A Two-Headed Eagle flying high in Greece: Vassiliki Papantonopoulou gives UEFA.com the lowdown on PAOK FC, revealing the myths, history and heroes behind the club.
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With PAOK FC flying in the Greek Super League, having won their last six fixtures, there is a genuine possibility the club could end Olympiacos FC's four years of dominance. Given they sit three points above the champions, there is hope this season may be the one in which the Salonika side lift their first league championship since 1985.
With that in mind, UEFA.com asked Greek correspondent Vassiliki Papantonopoulou to fill us in on the team dubbed the 'Two-Headed Eagle of the North'.
• The thankfully shortened version PAOK is actually an acronym. The club's full title is Pan-Thessaloniki Athletic Club of Constantinopolitans and is spelled out in full around the top of the stands of the Stadio Toumba. PAOK have their roots in the Hermes sports and cultural club, founded by Greek residents of Constantinople (present-day Istanbul) in 1875.
• PAOK's first emblem was a four-leaf clover and horseshoe, but that was updated to the more imposing two-headed eagle in 1929. The eagle represents the Byzantine roots of the refugees from Constantinople who established the club in Salonika back in 1926, with the distinctive black and white standing for mourning and hope respectively.
• The club are one of just three in Greece – alongside heavyweights Olympiacos and Panathinaikos FC – who have never been relegated from the top tier of the country's football pyramid.
• PAOK have two league titles to their name, the first coming in 1975/76, inspired by the leadership of Gyula Lóránt. One of the 'Magical Magyars', the Hungarian coach took over for a second spell five years later but suffered a heart attack while watching the team play Olympiacos and passed away on the bench.
• Stavros Sarafis remains PAOK's all-time leading scorer in the league with 136 goals. 'Caesar', as he became known because of his curly blond hair, retired aged 31 in 1981 and later confessed: "I was shocked by Lóránt's death. I just did not feel like playing football any more." His links to the side have stayed strong, however, and he is now is general manager of the Under-20 and U17 teams.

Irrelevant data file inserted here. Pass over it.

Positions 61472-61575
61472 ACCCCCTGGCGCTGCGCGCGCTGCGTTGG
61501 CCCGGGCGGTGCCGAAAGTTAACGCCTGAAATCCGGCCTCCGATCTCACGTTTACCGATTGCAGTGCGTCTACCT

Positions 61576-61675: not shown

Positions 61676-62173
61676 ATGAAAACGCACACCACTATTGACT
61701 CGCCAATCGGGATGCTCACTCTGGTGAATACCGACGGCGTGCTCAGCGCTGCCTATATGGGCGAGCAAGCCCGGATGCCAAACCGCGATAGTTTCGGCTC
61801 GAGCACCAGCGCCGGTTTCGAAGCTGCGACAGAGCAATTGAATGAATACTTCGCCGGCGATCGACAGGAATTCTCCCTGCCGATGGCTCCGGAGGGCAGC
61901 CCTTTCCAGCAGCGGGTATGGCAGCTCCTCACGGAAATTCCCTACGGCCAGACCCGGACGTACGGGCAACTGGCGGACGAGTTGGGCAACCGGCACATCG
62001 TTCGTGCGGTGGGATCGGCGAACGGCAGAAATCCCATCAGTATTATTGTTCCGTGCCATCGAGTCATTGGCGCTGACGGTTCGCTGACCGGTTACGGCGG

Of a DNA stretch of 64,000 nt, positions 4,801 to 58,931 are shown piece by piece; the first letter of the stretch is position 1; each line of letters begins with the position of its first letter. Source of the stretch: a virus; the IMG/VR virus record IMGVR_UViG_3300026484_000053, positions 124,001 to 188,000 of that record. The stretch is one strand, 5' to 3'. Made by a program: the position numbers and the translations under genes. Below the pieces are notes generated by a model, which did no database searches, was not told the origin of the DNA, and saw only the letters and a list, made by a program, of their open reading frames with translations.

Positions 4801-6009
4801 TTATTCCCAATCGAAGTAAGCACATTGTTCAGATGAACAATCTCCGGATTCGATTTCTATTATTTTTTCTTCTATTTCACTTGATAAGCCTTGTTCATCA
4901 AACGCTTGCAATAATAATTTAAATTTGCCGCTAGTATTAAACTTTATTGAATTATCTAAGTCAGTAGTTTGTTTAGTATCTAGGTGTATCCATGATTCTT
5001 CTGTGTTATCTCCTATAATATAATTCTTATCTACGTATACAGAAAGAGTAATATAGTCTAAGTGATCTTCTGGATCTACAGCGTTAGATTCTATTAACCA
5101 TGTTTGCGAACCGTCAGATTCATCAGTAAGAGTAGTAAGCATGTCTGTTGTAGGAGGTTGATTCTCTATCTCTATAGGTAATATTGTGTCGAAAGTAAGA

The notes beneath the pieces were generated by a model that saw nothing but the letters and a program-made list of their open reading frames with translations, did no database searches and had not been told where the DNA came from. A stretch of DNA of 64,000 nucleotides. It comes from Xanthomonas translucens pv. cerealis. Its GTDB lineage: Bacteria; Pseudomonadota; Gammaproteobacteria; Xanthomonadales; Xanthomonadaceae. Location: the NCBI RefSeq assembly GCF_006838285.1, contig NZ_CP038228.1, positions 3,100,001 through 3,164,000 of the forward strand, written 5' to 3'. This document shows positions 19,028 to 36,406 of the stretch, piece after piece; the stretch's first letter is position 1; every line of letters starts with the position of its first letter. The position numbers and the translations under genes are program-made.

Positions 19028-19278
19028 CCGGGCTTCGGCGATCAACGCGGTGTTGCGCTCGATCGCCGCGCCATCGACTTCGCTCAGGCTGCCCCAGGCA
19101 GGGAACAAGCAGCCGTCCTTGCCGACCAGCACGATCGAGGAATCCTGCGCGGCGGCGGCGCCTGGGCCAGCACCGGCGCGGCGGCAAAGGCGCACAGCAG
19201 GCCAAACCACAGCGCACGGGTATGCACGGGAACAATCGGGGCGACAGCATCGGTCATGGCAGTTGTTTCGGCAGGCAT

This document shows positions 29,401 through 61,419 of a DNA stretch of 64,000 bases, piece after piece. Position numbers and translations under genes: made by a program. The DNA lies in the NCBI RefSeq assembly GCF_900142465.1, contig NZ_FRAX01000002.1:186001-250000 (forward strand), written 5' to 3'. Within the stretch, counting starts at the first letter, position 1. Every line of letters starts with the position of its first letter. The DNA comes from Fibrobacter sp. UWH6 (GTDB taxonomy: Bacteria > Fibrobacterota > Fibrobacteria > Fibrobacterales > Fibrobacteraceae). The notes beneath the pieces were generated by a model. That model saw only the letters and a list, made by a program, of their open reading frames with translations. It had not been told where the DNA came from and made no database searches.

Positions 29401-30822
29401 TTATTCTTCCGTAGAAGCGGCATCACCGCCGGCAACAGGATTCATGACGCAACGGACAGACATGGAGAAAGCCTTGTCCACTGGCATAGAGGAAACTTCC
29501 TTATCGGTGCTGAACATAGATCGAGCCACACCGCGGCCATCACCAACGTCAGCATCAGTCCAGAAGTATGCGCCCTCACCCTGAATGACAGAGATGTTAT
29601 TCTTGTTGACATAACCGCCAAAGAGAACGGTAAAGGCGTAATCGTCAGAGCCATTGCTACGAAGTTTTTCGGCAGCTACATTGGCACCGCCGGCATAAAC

• Giorgos Koudas spent all his career at Stadio Toumba, featuring in a club-record 504 games. Olympiacos's attempt to sign him in 1966 led to a long feud between the clubs, with relations frosty even to this day.
• Coach Angelos Anastasiadis is keen on discipline and wants players to follow his orders to the letter. His attitude to authority has not always been thus; in his playing days with PAOK he was once taken off the pitch by Lóránt after only 15 minutes for not following the manager's instructions.
• The club's first home ground was in an area called Syntrivani (fountain) and was inaugurated in 1930. Urban legend has it that supporters of Aris Thessaloniki FC and Iraklis FC tried their best to disrupt the construction process, with bodyguards brought in to protect workers' safety.
• Toumba is the district of Salonika where PAOK have resided since 1959. The name is used in northern Greece to describe small man-made hills where you find relics of antiquity. The hill of Toumba is natural, but there is indeed an archaeological site. As for the alternative theory to the name: some believe it derives from the word 'tymvos', meaning burial mound, and is thus deployed to instil fear into rivals.
• The reputation of Toumba as a fortress was forged in the 1970s. Olympiacos lifted successive titles from 1973 to 1975 and suffered just one defeat in each of those three championships. Every time it came at PAOK, who even prevented the seemingly unstoppable Red and Whites finding the net across those seasons.